Face Making

Artist Gwenn Seemel’s bilingual blog about art, portraiture, free culture, and feminism.

Meet the makers!

2018 . 09 . 10 - Comments / Commentaires (0)

Last month, I was in DC making art for The Doors of Make Room public art exhibition, and this week the show opens with a press conference on September 13th at 10:30 AM at Freedom Plaza!

What: The Doors of Make Room, public art exhibition
Where: various locations throughout DC, to be announced on the 13th
When: September 13th through 28th

I am one of eleven artists who was hired by Make Room, and today I want to tell you about the six creatives I got to make art with in DC.

The Doors of Make Room

I shared my workspace with ZYNB. I mean, all seven of us were in one studio together, but ZYNB and I painted on doors that faced each other, so we were working back to back. I usually like to be alone while working, so I was pleasantly surprised by ZYNB, who made sharing space not only easy, but fun! I missed her cheerful presence when I made it back to my home studio.

The Doors of Make Room

Through the communal studio experience, I learned quite a bit from the other artists. The bright blue in the upper right of this image really pops. Some of that has to do with the way Charis Ammon juxtaposed the blue with the reddish-pink of the building, but some of it has to do with the pigment too. It’s Manganese Blue, a paint I’d given up on a few years back because the texture was sort of gummy. I still have a tube though, and inspired by Charis I started using it again. I am in love!

The Doors of Make Room

Along with ZYNB and Charis, Cathy Abramson usually doesn’t paint in acrylics. I was impressed that these artists would take on a 72 hour deadline with a medium that isn’t their primary mode for art-making. I was floored by their courage going into the project as well as by the beautiful work they produced.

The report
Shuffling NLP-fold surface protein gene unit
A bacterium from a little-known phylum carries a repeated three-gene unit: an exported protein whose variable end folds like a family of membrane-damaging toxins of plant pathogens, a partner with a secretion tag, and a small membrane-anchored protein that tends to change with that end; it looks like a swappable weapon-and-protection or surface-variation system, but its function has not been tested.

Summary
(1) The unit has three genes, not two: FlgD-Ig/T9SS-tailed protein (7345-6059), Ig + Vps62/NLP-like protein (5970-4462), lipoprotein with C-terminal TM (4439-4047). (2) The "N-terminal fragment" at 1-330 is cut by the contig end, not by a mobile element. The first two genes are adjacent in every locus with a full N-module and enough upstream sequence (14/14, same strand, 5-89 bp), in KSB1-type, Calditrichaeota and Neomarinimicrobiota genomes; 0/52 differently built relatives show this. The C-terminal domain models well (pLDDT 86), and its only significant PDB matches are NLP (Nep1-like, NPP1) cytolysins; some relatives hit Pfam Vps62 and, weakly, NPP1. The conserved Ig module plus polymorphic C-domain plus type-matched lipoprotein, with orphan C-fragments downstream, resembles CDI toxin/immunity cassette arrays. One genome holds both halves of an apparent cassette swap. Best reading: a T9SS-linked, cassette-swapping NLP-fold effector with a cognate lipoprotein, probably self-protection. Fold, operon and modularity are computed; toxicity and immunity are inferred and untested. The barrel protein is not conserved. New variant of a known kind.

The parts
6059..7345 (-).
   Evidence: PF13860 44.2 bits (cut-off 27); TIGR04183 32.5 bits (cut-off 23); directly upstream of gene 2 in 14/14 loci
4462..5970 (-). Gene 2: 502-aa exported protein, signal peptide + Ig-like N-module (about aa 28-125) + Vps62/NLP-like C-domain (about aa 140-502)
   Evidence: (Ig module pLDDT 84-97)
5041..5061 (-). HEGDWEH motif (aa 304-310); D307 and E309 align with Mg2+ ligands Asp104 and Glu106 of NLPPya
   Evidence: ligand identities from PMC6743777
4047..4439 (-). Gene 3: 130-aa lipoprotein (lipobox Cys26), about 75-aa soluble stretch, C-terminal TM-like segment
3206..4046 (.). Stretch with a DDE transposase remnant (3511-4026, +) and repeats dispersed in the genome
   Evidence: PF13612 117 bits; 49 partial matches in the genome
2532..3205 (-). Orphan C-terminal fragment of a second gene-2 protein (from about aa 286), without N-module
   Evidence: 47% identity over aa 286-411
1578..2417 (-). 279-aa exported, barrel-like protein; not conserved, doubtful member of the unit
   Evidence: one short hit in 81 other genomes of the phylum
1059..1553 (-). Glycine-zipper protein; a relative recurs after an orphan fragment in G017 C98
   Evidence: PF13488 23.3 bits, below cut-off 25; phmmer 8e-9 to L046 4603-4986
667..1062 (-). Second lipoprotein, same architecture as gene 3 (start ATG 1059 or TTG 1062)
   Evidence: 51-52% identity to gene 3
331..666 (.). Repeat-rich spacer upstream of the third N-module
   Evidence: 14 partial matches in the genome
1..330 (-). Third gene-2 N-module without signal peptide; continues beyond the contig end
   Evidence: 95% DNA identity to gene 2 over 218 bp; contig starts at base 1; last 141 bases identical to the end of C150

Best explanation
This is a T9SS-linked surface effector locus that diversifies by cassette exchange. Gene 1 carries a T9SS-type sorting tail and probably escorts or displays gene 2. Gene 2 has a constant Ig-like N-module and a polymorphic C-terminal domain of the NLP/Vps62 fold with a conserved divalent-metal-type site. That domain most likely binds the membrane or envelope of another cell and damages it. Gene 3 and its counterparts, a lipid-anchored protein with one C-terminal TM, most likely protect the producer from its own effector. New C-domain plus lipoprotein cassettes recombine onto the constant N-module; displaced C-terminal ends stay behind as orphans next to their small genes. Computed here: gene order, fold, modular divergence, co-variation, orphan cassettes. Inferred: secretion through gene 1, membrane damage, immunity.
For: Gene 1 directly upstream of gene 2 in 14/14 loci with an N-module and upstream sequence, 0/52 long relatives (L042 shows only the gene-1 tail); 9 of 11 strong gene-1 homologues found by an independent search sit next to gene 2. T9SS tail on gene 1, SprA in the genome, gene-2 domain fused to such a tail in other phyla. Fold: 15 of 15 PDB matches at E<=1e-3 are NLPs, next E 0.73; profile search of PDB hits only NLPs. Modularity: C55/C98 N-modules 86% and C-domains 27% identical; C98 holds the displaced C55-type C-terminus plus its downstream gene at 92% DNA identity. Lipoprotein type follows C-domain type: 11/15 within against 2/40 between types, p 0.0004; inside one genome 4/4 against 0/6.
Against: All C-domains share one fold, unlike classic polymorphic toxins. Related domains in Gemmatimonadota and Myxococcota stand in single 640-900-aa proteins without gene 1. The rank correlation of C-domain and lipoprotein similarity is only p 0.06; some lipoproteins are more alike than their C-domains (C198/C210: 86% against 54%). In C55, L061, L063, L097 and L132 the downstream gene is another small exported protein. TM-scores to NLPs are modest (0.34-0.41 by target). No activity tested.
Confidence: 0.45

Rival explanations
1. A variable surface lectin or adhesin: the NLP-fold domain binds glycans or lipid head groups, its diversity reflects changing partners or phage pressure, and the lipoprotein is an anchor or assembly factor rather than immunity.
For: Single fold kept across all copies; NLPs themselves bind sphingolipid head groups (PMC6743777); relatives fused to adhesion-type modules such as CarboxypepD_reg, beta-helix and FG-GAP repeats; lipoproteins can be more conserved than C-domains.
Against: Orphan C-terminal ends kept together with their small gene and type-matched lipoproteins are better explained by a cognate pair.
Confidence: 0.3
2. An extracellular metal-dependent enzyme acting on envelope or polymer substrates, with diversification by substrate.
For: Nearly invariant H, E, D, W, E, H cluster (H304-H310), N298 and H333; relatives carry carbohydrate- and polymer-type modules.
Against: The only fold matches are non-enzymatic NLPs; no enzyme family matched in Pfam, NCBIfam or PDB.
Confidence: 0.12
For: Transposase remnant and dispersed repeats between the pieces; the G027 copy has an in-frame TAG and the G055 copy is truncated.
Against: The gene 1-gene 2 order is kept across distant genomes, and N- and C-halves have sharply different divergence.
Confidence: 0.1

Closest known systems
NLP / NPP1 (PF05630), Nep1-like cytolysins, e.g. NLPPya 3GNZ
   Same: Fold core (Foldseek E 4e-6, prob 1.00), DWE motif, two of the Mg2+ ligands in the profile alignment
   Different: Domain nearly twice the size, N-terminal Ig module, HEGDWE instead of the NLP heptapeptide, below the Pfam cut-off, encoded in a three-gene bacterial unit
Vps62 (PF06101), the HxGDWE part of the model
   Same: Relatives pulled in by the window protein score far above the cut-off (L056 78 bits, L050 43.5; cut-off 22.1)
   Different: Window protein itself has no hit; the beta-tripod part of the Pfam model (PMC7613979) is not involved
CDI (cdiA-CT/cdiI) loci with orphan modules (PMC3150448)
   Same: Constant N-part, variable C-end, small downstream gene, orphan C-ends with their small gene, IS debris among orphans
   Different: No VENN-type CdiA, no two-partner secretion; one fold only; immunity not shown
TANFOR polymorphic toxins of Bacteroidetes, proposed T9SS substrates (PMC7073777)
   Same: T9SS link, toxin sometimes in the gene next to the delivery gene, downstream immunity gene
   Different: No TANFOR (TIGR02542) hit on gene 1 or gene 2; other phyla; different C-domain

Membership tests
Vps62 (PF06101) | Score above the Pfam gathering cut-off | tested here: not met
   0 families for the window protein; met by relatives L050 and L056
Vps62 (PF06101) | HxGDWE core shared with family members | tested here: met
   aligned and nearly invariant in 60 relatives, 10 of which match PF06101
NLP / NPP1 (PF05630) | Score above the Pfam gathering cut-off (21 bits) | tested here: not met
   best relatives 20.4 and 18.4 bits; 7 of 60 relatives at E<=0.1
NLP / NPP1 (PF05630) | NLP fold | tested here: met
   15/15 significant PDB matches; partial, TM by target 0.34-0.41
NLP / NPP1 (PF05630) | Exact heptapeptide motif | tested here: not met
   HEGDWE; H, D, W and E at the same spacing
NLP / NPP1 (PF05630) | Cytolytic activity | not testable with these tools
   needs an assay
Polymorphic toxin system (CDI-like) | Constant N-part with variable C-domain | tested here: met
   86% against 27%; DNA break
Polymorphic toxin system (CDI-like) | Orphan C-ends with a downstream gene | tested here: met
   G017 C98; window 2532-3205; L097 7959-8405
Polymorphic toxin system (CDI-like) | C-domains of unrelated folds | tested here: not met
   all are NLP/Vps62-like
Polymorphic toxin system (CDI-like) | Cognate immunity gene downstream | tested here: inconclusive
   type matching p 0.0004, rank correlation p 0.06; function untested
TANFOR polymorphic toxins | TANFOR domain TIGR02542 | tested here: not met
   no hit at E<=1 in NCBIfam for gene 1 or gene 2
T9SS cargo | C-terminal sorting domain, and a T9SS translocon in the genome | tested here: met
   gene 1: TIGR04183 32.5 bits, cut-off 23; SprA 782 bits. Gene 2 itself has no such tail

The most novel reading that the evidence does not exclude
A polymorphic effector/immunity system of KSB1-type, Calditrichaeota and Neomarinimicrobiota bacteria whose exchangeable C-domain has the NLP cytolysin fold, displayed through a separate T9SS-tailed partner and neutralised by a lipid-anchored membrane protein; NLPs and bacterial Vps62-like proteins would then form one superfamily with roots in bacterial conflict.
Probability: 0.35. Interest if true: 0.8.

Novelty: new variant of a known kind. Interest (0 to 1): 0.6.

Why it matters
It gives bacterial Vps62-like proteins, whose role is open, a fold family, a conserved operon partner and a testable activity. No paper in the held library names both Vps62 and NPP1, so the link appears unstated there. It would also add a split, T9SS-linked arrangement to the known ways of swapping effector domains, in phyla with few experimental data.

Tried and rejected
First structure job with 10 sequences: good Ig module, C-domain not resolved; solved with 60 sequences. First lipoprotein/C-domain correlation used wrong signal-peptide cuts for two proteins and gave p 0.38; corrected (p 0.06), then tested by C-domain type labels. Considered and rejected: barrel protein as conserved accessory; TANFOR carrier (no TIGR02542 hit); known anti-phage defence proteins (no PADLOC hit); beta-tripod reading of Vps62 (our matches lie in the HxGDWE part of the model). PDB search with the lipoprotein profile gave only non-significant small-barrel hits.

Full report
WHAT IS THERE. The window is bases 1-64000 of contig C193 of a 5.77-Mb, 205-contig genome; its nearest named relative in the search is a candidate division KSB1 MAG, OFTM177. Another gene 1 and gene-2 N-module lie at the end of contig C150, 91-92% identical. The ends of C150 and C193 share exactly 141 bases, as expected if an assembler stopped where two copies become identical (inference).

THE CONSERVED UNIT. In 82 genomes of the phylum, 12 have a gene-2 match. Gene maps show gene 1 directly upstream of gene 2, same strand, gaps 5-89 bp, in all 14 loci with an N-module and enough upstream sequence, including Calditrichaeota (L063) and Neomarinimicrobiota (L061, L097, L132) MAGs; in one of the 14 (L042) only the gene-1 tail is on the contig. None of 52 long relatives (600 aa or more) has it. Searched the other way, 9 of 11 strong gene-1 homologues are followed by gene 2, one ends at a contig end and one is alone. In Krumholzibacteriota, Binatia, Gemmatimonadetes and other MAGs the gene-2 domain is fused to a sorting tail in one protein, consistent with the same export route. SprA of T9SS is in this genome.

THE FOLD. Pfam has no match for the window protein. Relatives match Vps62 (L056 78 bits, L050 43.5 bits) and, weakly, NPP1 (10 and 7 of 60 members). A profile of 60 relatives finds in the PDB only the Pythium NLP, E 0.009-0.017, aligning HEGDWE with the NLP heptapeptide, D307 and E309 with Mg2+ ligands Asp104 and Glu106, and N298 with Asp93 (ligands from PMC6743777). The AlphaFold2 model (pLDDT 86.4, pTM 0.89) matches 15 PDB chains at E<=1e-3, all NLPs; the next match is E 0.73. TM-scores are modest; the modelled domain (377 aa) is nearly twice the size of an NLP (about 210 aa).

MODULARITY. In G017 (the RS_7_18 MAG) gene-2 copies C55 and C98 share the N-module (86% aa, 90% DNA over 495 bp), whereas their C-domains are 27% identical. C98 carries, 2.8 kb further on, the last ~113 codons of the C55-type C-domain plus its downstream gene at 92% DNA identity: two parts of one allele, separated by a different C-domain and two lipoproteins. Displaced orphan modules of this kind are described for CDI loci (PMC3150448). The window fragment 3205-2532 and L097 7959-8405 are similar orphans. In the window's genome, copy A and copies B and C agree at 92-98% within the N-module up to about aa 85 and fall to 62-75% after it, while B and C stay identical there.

The Doors of Make Room

You can’t tell from this photo, but Rachel Sousa’s design is bold. At first glance, it seems simple, but its precise lines made it a challenge to create. Watching her work, I gathered tips for executing my designs more cleanly.

The Doors of Make Room

Throughout history there have been artists who have had direct support building their business, but I’ve rarely met creatives who work that way. Amol Saraf’s wife Alpana is an integral part of his career and it was interesting to see how that plays out for them.

The Doors of Make Room

This photo makes little sense until you see Kim Testone’s piece, and I won’t try to explain the green that frames the image. I’ll just say that it captures an essential part of Kim’s process, just like the little disposable condiment cups she gave me. I’m talking about the small plastic cups with covers that you might get your ketchup in when you get take-out from a restaurant. Kim had bought them in bulk and used them to store colors she had mixed. Her method saved me plenty of paint, and it’s something I’ll definitely incorporate into future projects.

The Doors of Make Room

This is Kashe from Make Room, who was with us for most of the 45+ hours we spent in the studio. She made our art possible by taking care of logistics so that all we had to do was show up and paint.

The four other artists all used spray paint on their doors, so they were in a better ventilated location and I didn’t get to meet them. I can’t wait to see what Hermes Berrio, Angela Faz, Lola Lovenotes, and Shani Shih made of their doors, and I’m excited to see everyone’s work installed in DC!

- My artist comb / Mon peigne d’artiste
- Thanking artists who inspire me / Remercier les artistes qui m’inspirent
- Inspiration for a body of work / L’inspiration pour une collection d’œuvres

CATEGORIES: - English - Events - Featuring artists - Practice -

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